Promise, Land, and Hope – The Project
Very briefly, then, the Promise, Land, and Hope project is a collaborative endeavor of the ICCJ Research Council with three American and two European academic centers. A preliminary meeting in Philadelphia led to the first full meeting of the research team at the University of Leuven in 2012, where the meta-question, or core task, of the project was developed. It seeks to move beyond assessing or describing the various approaches that different religious thinkers and groups take, and certainly does not hope to synthesize a single approach that might serve in all settings. Rather, in the interest of empowering dialogue and affirming diversity, the question is: What understandings might [we] develop that could serve as resources for constructive dialogue about Israeli-Palestinian issues?
The appended “Preliminary Concept Map” sets this as the guiding question at the center of the project, with four interrelated fields of inquiry to be explored over the life of the project, which we anticipate is likely to be five years. Specific land traditions of various communities, theologies that are informed by the experience of Christian-Jewish dialogue, hermeneutics as an inherent methodological component of any theology, and the particular dynamics of the Israeli-Palestinian encounter will all be explored for their contribution to the project. The exact form of the tools to be developed will emerge as the project moves forward, and the next step will be a three-day meeting in Chicago in August, where our primary focus will be deepening our understanding of the land traditions of several communities, particularly in relation to biblical texts.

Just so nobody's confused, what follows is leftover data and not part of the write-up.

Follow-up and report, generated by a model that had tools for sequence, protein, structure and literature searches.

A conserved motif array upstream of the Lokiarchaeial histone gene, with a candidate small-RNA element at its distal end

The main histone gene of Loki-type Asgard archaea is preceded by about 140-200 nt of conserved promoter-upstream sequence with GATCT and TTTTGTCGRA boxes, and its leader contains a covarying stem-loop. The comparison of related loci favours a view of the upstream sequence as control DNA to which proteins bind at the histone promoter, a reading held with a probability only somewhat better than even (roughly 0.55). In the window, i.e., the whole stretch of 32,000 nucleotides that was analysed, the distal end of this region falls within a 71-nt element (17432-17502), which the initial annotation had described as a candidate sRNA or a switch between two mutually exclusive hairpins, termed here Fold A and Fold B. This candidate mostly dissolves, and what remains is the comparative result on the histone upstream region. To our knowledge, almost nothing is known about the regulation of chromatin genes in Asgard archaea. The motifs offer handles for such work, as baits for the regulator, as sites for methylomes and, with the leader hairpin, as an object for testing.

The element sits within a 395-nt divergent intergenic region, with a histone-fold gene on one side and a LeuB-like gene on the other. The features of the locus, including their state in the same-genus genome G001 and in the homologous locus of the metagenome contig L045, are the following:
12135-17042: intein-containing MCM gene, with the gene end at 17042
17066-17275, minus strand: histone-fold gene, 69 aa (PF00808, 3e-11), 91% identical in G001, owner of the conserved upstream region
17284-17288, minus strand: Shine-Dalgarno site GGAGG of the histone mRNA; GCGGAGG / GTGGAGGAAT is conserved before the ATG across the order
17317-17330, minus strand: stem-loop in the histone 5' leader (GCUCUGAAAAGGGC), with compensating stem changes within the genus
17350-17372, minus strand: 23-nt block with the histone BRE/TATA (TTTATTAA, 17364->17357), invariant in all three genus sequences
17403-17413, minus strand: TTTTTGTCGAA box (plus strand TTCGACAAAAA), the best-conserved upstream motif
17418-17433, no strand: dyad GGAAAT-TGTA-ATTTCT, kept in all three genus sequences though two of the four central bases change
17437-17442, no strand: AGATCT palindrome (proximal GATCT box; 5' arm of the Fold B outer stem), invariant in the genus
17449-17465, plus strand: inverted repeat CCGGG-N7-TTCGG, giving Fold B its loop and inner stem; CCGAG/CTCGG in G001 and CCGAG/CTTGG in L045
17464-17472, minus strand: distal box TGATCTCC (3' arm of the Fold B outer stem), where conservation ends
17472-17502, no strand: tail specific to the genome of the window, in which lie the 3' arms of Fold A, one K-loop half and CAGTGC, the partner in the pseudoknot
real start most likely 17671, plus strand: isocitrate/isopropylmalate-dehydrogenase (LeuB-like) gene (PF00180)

The project’s goal is to provide tools that will empower dialogue and exchange, with the expectation that greater clarity and understanding will enable people to move forward toward the broad common goal of supporting the Jewish and Palestinian peoples in achieving their respective aspirations, including justice and peace. Our desire is to make it possible for many more people to engage in the kinds of dialogue and encounter that have proven so fruitful in Jewish-Christian relations over a whole range of difficult topics that may even have seemed impossible at one time. As we have in the past found the strength and the trust and the tools to address the person of Jesus, the charge of deicide, l’enseignement du mépris (the teaching of contempt), the legacy of oppression, and more, we believe we can also find what we need to be able to address together our deepest hopes and fears that attach to the promised land.